"I needed to hear something good, Bare. I needed some good news." His voice was almost quavering. "Something bad happened when you were away. We didn't want to tell you and ruin your time at camp, but now I see it wouldn't have made any difference."

My heart was racing in anticipation of what Dad would say next.

"Your Uncle Bob drowned in Maine while you were in New Hampshire. We had the funeral last week."

So we both had difficult things to say to each other on this August night. Bob was our favorite uncle and my father's best friend. The terrible news made me catch my breath with the absolute unreality of it. I wished everything had been different and that I could have brought Dad glorious stories of my prowess before the admiring eyes of Bob Cousy. While I was off in my own world, I had unknowingly collided with a much bigger one. Death rose like a mountain before me.

I started to cry softly. No loud sobs, just a little sniffling. The car was dark except for a little blinking red light.

My father exhaled sharply and then said, "I'm sorry." That's all he said. And I wasn't sure what he meant by it. Was he sorry for me? Was he sorry for Uncle Bob? Was he sorry for himself?"

We drove home in silence most of the way. As we got closer, Dad told me to get cleaned up and then he would drive me over to Aunt Dolly's to pay my respects. I didn't want to do this, not tonight of all nights. I had nothing left inside me -- no sympathy for anyone, no light left in the day. But my father's sense of duty and loyalty to family was powerful. There would be no use telling him how I felt.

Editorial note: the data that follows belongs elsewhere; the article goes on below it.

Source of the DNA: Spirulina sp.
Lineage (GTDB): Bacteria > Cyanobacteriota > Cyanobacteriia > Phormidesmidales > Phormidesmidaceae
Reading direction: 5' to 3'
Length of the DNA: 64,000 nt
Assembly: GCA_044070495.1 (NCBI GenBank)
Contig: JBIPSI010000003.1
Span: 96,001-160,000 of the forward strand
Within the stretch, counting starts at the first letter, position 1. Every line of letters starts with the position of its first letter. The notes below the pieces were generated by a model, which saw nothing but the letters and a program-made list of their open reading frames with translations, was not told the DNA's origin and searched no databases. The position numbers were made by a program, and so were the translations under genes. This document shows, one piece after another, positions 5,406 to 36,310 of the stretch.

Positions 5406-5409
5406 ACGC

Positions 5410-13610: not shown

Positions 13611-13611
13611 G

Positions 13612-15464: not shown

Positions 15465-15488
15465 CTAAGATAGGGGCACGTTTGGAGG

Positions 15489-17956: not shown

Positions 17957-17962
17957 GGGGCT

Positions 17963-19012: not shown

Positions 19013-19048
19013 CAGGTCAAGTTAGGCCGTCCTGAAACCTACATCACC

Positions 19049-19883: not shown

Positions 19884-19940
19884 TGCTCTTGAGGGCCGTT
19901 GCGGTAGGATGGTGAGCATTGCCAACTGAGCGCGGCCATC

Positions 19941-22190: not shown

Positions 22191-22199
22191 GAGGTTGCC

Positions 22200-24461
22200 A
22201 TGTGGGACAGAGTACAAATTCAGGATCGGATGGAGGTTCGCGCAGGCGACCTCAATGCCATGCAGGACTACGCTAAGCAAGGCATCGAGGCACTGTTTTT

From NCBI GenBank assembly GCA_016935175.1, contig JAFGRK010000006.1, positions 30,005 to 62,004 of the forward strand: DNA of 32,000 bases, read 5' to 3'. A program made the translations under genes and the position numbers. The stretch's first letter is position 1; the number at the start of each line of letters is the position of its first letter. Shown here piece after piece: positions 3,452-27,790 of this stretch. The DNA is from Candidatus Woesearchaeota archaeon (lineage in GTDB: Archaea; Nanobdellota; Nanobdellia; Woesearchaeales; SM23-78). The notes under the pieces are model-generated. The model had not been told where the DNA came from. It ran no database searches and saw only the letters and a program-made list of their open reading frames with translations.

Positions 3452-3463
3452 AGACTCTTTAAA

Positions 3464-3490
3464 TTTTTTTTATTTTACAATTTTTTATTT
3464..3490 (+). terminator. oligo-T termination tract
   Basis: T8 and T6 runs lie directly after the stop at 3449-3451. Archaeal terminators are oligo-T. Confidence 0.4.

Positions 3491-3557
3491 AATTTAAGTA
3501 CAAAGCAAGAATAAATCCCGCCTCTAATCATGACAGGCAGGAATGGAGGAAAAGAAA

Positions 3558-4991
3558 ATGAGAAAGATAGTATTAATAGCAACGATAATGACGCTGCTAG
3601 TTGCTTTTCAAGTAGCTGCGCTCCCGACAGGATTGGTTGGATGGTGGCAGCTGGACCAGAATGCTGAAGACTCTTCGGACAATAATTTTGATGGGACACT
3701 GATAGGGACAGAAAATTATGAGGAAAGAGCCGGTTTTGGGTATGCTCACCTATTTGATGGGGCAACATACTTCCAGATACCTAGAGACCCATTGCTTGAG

Our own usually noisy house was somber in the tragedy's aftermath. It seemed as if the dark August night was encroaching on the spirit of the family and there wasn't enough energy to dispel it. The crickets were chirping in the blackness but it sounded like a dirge. I talked briefly with my twin brother and he told me about the nightmarish week. I didn't mention anything to him about the conversation Dad and I had in the car. I would keep that to myself for a long, long time.

My father and I drove alone to Aunt Dolly's. As we came in the back door we could hear an unearthly keening coming from the living room. My grandmother stood next to my seated aunt rubbing her back and trying to console her. When they saw me, the two women both burst into tears. Completely unnerved, I mumbled a few words of sympathy. I felt the weight of the world on my shoulders and couldn't wait to get back home.

This was the last night of the summer of '67 for me and in many ways the last evening of my innocence. The next week I left home for college. In time I would put these sad memories behind me. Of course, I would experience other shocks in life, other disappointments and surprises. But none of them ever equalled the sheer strangeness of the summer of my high school graduation. And yet, after all these years, I realize I became my own person that summer and ready to fall in love.

Barry Wallace writes a weekly column for the Fairfield Citizen.